For roughly five years, Joey Gase says he constantly thought about what it would be like to become a NASCAR team owner. Now, he’s living his dream.
Last November, Gase announced the formation of Joey Gase Racing, which would run the No. 35 car full time in the Xfinity Series. Over a month later, the team added veteran Whelen Modified Tour driver Patrick Emerling as a co-owner. Thus, Emerling-Gase Motorsports came to life.
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“Of all years, this was the best year to do it and probably the worst year, all at the same time,” Gase recently told NASCAR.com. “The competition this year is by far the strongest it’s ever been since I’ve been in the Xfinity Series.”
Since 2014, Gase has made sporadic starts in the Cup Series. During the last couple of seasons, it became his priority, primarily competing for Rick Ware Racing — a schedule that included 33 races in 2020.
But with the implementation of the Next Gen car, Gase needed to find something new. He wasn’t sure that his sponsors would be able to pay the bills to foot him a ride in the Cup Series.
“I knew it was going to be really hard to stay in the Cup Series,” Gase stated. “At the same time, I’ve been in the Xfinity Series a lot, and running my own team is something I’ve always had in the back of my mind.”
Last fall, though, Gase had no equipment. So he took a gander at Shane Lee’s race shop, which consisted of a plethora of parts and pieces from the former H2 Motorsports operation. Gase believes Lee had roughly 75% of the tools it took to start a team, including three chassis.
Not knowing if he would obtain any of it, Gase left with his hands full.
“I wasn’t expecting to buy all of it; I thought I was only going to buy some parts and pieces,” Gase said. “We got talking to the Lees and ended up buying all of it.”
The next goal was to get a race shop. A mutual friend of both Gase and Emerling introduced the two. They both shared a common interest, which led to a conversation about becoming co-owners of a race team. After all, Emerling, who ran the No. 23 Our Motorsports team last season, had a chunk of equipment that Gase didn’t have, including the hauler. He also had ownership of the points from the No. 23 team, which finished 20th in the owners’ standings last year.
Since 2011, Emerling’s family has fielded a competitive Whelen Modified Tour team. In 126 starts, he’s earned four victories, three of which came last season on the way to finishing runner-up in the championship standings. In the last two years, he’s competed in a quartet of Xfinity races, with a best effort of 24th last fall at Kansas.
“Racing has always been my passion,” Emerling stated. “I always wanted to get to the next level as a driver. Teaming up with Joey made a lot of sense. It’s a situation where you don’t know if you don’t try. We came together and so far, so good.”
The team, which has five full-time employees and two part-timers, didn’t even get into its race shop until January. It had to hustle just to have a car – let alone two – ready for the season opener at Daytona for both Gase and Lee.
Because the team came together so late, the team’s first challenge was to find quality employees. But Gase believes that’s hard for any start-up team.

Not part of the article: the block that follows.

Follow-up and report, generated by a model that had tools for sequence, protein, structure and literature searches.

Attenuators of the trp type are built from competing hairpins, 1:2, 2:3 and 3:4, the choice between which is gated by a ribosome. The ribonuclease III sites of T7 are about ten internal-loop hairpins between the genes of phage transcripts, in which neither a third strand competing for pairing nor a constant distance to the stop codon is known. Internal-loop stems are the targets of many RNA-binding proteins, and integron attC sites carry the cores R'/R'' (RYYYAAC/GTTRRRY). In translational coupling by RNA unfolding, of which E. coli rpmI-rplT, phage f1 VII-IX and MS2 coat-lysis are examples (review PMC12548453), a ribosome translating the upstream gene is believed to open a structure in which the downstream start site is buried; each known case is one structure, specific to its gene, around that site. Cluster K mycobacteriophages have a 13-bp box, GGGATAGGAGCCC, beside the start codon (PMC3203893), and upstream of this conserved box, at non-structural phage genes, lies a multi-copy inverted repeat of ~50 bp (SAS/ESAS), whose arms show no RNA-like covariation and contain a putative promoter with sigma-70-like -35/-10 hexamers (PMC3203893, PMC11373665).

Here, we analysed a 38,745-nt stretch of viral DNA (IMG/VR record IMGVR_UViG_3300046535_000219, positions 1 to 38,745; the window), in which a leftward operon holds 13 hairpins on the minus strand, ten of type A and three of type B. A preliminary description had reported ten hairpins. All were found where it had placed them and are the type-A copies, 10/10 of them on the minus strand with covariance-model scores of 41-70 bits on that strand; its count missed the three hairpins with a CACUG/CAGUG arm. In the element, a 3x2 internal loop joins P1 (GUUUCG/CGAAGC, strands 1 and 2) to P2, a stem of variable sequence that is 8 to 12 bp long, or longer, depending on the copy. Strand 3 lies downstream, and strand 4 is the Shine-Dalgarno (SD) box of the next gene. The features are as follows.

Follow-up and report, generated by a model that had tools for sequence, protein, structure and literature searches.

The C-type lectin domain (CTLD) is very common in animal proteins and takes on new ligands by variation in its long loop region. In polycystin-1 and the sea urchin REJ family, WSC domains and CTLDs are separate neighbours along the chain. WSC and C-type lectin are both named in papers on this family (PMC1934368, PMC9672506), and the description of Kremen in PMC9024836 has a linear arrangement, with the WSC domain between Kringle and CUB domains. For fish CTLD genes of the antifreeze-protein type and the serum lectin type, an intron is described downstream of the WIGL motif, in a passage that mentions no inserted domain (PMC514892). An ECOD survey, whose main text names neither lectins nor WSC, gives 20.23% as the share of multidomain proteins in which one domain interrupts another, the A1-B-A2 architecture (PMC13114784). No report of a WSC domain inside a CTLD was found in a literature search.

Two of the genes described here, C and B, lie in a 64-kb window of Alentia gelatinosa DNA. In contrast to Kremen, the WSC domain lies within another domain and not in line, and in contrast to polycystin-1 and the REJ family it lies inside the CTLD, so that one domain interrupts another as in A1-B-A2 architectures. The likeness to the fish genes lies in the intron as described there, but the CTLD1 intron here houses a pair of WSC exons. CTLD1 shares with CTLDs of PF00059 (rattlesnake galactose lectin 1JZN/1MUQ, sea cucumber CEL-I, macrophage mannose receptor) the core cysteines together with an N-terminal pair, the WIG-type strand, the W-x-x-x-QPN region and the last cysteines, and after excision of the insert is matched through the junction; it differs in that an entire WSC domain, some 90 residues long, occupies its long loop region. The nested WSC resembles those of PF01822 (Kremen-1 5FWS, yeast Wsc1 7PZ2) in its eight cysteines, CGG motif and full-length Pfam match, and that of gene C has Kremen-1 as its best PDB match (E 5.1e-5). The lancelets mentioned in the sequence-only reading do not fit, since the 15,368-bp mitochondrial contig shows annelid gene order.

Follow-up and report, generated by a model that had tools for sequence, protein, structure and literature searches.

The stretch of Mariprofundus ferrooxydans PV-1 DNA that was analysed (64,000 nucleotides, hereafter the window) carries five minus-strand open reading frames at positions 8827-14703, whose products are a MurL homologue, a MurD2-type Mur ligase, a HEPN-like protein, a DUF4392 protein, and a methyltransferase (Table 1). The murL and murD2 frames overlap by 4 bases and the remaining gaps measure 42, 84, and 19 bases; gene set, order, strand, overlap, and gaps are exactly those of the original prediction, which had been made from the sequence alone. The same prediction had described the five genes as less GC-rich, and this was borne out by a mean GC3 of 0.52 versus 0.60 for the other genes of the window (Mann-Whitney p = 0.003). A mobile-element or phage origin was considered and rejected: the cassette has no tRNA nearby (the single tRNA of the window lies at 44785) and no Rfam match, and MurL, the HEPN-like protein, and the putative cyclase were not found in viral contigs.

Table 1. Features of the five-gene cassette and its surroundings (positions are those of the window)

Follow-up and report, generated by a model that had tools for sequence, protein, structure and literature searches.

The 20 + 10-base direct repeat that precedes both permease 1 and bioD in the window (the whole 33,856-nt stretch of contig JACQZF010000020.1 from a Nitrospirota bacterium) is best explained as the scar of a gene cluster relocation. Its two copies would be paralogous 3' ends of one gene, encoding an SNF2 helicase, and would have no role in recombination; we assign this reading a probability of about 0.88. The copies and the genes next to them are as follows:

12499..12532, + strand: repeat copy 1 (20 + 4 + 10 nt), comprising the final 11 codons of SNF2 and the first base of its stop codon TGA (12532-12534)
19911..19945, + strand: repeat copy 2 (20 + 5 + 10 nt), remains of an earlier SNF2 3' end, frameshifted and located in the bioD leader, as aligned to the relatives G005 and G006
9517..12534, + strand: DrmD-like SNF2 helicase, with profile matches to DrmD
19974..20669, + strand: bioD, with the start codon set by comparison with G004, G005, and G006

“Finding good people right now is really hard,” he said. “Finding enough people is the hardest thing. And good people. We have a good core group of people right now, but we are hiring and trying to find a few more. We’re looking.”
Unfortunately for EGM, the team does not have a technical alliance with any manufacturer, thus they are running whichever suits them best for a given weekend. For instance, in the season opener at Daytona, the No. 35 was a Toyota and Gase drove the No. 53 Ford.
Because the team doesn’t have the same resources as one of the series’ elites, admittedly, a top-20 finish is the equivalent to a top-five run. And in nine starts this season, the team has accomplished that feat three times, including Parker Kligerman’s 12th-place run at Circuit of The Americas.
“If we can finish in the top 25 in points this year, we’ll be really happy,” Gase added.
Emerling, who plans to run the majority of the Whelen Modified races in 2022, won’t let that schedule conflict with his Xfinity starts. Fortunately for him, he has people in place to run the modified program, so he can focus his attention on the Xfinity schedule.
“It is quite the task balancing both race teams, along with my real estate business,” he said. “The Xfinity team is definitely my main focus. With the competition in the series today, I believe it is as difficult as ever to form a new team in the series, especially on a budget.
“Owning a team allows you to control the situation. That’s all my family and I ever did.”
Through the first eight races of the season, the No. 35 car sits 29th in the owners’ standings, just 12 points below Gase’s goal of 25th. The team has had a few hiccups early on, but also had consecutive top-20 results between Atlanta and COTA. Like Daytona, the team plans to also run the No. 53 car in the series’ next race at Talladega.
Regardless of the results, the duo shares the same vision moving forward.
“To survive, make a living off of it and make it into something we’re proud of,” Gase said of his hopes for the team. “The overall goal is to become a team that can go out and compete for the win every week. That’s something that doesn’t happen overnight.
“It doesn’t matter how much money you have – we don’t have all that money yet – but it’s something that takes time. I don’t care what level of racing you’ve been at before, late models, modifieds, ARCA or whatever it might be, everyone that’s here has won before at what they’ve done. So when everyone is here and everyone is winners, it’s a lot harder competition.”